Rajendra Ghag, Executive Vice President, HR & Admin of HDFC Life christened executive coaching as ‘Gold Mining Mentality’. It is brought into play to unleash the true potential of senior leaders and improve their performance by asking relevant questions. “We hire coaches, who are seasoned professionals from the industry. An ex-chairman of a big company is brought to train senior leaders of our organisation and reduce interference in their work”, he added.

Earlier, executives were reluctant to be coached, but now it is viewed by candidates as a sign of being on an accelerated career growth path. Underlining the challenges of the executive coaching industry in India, Dr Bhide articulated, “There is a need for impetus in propelling research to identify what practices would be more effective from Indian coachees’ point of view. As most ‘Global Coaching Certifications’ teach western coaching models and methodologies.

During one of the Skills Dialogue session, a series of high powered panel discussions organised by TimesJobs.com, industry experts pointed that there is absence of experienced coaches, who have finer business wisdom as compared to what theoretical coaching model based methodologies provide. And, on the demand side there is a need to sensitize CXOs and HR heads to focus on improvement, change, and outcomes rather than merely a feel-good factor.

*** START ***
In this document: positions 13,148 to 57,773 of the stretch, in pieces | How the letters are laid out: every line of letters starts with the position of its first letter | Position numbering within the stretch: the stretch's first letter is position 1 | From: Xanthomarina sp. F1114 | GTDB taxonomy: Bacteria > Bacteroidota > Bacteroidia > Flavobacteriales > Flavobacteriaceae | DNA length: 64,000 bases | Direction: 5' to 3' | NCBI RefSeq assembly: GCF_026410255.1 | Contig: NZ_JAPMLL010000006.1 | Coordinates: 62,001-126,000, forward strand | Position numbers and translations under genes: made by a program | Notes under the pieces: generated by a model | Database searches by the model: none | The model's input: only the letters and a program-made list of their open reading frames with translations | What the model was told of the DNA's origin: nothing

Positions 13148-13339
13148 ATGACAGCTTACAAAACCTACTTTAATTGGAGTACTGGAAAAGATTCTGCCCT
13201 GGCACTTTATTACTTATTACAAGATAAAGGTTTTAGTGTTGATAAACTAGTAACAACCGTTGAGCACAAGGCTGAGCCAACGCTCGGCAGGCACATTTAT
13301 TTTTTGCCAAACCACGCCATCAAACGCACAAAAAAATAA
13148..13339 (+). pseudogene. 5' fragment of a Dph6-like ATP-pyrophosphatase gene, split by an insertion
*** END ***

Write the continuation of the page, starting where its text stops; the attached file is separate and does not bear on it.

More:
Suggesting the way forward, Dr. Bhide advised organisations to identify specific domains that can be benefited most through executive coaching and create a culture of coaching by nurturing internal leaders and managers to become coaches.

Together, experts expressed the want to bring in more structure into this emerging industry to help define the engagement models and professional approach that this function requires in the Indian context.

Link to article: http://articles.economictimes.indiatimes.com/2012-05-01/news/31528311_1_coaching-industry-executive-coaching-models

Plutchik’s Wheel of Emotions

Psychologist and researcher, Robert Plutchik created The wheel of Emotions – a model of human emotions and their relations and combinations. It consists of 8 basic emotions, opposed in pairs, and multiple shades.
The model resulted in a circumplex where emotions and variations are represented by different colors and hues. This circumplex can be flattened in a 2D view (see below) to allow viewing of all emotions at once.
Plutchik identified eight primary emotions, which he coordinated in pairs of opposites: joy versus sadness; trust versus disgust; fear versus anger and anticipation versus surprise.

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Intensity of emotion and indicator color increases toward the center of the wheel and decreases outward. Akin to a color wheel, variations in color intensity correspond to variations in emotional intensity. Thus, the eight primary emotions occupy the middle ring of the flower with more intense forms occurring in the center (depicted by bolder colors) and milder forms the extremities (depicted by paler colors).